The Bristlenose Pleco.
Genera include: Ancistrus Dolichopterus, Ancistrus temminckii, Ancistrus cirrhosus
If you are looking for a small, relatively peaceful algae eater, look no further than the Bristlenose Catfish. It is hardy, will tolerate a range of environments and will surprise you with its breeding habits. This fish will not get much bigger than 8-10cm. The male will display the characteristic bristles on his snout and round his mouth. The female (depending on type) may have one or two just around the top edge of her snout or none at all. Both fish have bristles on what can only be described as cheek extensions which they will flare occasionally!
Tank and water requirements:
Having being imported to the UK since the early 70's, this delightful little catfish originates from the fast flowing rivers of South America, and so it likes well oxygenated water. Literature has it that a 60cm length tank will be enough for one of these fish, but for breeding it is probably preferable to have at least 90cm. The ph can be anything from 5.8 to 7.5, temperature from 22-28c and the hardness range from 2-20dGH. As with all tropicals, ammonia and nitrite must be 0, and nitrate kept below 20ppm. The ancistrus also requires some bogwood or mopani wood in the tank and it will rasp away at it to obtain lignin, a substance that it requires to aid digestion. You will find that a lot of gravel cleaning is required under the usual resting place of your Bristlenose cat....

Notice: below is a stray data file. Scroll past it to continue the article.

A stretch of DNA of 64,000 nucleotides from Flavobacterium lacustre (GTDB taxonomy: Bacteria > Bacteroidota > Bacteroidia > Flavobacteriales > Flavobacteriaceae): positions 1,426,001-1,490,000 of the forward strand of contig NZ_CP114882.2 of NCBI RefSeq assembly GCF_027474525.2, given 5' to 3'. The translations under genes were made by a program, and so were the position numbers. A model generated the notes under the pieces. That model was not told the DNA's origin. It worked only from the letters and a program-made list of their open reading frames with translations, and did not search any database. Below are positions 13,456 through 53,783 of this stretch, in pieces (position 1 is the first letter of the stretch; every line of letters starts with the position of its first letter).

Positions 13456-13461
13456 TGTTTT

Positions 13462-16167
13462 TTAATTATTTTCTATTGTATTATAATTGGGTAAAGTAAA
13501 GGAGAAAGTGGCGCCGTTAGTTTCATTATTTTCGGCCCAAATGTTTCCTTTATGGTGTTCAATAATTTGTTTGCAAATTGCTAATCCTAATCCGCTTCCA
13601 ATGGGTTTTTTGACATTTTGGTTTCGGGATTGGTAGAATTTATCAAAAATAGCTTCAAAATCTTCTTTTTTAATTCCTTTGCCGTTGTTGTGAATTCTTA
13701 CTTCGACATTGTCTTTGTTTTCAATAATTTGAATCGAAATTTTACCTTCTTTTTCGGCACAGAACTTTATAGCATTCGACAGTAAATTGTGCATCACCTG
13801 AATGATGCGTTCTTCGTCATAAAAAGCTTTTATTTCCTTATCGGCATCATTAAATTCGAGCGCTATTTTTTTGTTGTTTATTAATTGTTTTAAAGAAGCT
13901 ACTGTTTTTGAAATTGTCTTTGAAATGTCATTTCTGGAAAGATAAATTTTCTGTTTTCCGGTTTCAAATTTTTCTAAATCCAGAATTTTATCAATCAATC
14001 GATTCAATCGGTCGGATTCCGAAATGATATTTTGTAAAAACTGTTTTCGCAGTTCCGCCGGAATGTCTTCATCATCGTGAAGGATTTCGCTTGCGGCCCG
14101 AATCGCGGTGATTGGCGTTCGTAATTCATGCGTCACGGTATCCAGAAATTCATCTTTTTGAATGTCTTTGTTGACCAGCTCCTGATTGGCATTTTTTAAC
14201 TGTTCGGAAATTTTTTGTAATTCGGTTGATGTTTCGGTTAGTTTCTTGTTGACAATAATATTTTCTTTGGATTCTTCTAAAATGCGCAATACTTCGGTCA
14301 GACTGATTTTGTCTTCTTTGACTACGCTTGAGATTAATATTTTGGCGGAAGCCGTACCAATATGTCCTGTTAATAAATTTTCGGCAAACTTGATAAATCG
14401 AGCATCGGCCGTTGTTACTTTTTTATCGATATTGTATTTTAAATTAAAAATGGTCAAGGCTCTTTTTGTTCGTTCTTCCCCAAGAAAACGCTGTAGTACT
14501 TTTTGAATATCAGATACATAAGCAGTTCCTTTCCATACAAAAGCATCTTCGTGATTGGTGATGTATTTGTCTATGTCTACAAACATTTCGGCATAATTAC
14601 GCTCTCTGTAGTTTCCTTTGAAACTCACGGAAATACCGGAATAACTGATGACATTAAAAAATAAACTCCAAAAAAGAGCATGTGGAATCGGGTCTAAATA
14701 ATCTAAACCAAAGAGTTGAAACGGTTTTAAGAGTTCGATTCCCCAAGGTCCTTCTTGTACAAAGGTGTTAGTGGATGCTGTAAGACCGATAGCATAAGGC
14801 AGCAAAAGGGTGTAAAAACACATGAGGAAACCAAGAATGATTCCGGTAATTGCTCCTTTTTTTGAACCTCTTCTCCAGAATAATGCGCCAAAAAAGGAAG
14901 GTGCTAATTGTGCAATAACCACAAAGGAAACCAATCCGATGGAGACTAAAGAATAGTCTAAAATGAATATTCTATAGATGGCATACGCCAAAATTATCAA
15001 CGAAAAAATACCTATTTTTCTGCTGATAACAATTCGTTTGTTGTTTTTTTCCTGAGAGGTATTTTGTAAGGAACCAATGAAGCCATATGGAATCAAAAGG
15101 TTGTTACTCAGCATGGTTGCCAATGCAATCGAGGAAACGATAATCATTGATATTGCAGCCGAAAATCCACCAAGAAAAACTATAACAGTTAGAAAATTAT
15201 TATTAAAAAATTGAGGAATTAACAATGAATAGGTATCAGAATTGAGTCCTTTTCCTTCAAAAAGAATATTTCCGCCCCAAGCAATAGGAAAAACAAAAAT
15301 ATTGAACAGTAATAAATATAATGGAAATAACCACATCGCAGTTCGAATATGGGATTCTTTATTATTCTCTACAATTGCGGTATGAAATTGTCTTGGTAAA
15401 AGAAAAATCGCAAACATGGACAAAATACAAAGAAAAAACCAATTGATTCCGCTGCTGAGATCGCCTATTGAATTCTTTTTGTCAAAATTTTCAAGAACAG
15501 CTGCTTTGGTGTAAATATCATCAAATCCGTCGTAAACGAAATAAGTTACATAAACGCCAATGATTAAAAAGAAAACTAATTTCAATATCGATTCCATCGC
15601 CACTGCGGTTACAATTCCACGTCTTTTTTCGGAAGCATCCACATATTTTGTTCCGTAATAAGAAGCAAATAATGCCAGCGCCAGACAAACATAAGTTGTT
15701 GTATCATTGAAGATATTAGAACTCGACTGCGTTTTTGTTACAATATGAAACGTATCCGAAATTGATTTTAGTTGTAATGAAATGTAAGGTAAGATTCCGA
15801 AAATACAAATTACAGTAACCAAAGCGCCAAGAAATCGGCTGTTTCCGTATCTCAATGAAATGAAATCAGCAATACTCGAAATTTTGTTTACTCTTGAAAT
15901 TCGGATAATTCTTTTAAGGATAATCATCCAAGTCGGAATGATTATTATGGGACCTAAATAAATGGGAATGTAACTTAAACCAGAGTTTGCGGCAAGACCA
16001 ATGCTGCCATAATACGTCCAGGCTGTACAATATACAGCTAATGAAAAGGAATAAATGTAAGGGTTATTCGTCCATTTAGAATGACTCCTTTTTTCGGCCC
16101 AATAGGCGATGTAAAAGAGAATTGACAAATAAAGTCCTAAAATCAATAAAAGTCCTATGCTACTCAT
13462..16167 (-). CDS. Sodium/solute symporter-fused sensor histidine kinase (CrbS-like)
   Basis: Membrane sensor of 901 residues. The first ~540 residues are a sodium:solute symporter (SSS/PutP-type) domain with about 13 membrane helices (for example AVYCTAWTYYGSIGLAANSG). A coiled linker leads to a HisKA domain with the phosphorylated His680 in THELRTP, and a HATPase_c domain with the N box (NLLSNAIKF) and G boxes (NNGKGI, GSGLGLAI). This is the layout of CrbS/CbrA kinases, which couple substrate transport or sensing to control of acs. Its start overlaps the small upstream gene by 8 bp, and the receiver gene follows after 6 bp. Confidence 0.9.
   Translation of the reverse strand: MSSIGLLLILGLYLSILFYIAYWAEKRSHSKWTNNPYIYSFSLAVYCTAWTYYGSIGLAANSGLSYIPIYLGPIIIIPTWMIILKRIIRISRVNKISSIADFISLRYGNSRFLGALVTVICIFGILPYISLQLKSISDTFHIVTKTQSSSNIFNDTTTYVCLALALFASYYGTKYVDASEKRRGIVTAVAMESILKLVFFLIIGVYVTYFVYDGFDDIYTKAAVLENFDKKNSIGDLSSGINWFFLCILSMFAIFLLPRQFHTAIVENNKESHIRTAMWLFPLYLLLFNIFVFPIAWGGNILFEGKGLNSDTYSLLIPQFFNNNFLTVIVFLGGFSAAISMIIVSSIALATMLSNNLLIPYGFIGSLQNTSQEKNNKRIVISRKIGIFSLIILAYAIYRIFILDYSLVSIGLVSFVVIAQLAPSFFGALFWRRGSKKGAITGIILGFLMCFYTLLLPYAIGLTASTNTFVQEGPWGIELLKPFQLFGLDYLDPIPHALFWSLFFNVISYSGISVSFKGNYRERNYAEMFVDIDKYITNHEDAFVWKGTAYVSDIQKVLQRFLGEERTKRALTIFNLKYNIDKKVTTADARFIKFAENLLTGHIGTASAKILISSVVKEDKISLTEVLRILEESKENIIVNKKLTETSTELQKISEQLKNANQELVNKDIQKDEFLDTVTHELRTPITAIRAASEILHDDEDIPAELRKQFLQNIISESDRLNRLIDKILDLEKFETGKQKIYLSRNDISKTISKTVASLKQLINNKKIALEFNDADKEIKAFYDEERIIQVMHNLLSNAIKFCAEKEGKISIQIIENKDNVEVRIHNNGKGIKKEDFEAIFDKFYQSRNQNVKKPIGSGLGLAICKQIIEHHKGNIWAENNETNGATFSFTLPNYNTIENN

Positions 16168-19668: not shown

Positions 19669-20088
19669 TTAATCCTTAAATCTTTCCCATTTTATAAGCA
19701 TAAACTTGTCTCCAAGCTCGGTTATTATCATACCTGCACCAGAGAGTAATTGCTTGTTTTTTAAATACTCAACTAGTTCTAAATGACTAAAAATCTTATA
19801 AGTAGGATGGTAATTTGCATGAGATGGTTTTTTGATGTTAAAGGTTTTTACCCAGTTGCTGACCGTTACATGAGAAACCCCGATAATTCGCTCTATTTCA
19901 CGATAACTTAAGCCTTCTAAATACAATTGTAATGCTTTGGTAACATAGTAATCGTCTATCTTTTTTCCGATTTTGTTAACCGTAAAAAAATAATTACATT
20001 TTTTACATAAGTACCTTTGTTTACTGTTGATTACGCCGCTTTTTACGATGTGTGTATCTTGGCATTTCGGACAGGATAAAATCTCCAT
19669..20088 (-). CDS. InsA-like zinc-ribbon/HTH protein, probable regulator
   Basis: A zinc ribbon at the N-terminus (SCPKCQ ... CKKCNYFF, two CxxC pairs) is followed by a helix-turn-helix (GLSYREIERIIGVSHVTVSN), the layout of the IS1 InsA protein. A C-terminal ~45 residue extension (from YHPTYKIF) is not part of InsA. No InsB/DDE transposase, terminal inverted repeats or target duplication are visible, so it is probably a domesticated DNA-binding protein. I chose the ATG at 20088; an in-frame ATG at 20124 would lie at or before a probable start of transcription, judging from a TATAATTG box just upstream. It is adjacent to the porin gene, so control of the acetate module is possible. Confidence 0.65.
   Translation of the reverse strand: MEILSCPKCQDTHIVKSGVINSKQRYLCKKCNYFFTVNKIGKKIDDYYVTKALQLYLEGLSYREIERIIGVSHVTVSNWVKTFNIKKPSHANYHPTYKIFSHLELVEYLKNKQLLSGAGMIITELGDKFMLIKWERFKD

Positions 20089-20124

You may find if you read up on the Bristlenose Catfish that it is an algae eater, and yes, it will clean up your tank for you. However, please do not ignore the fish's dietary needs. Many people relegate this fish to the role of tank cleaner/scavenger and do not provide a range of food for it.
The Bristlenose will eat all of the following lightly blanched: peas (squeezed out of their skins); courgette (zucchini for those in the USA); lettuce; spinach; broccoli and cucumber. It is not by any means vegetarian and will eat bloodworm, sinking tablets and other protein rich foods. Like all fish, it is not averse to grazing on dead tankmates.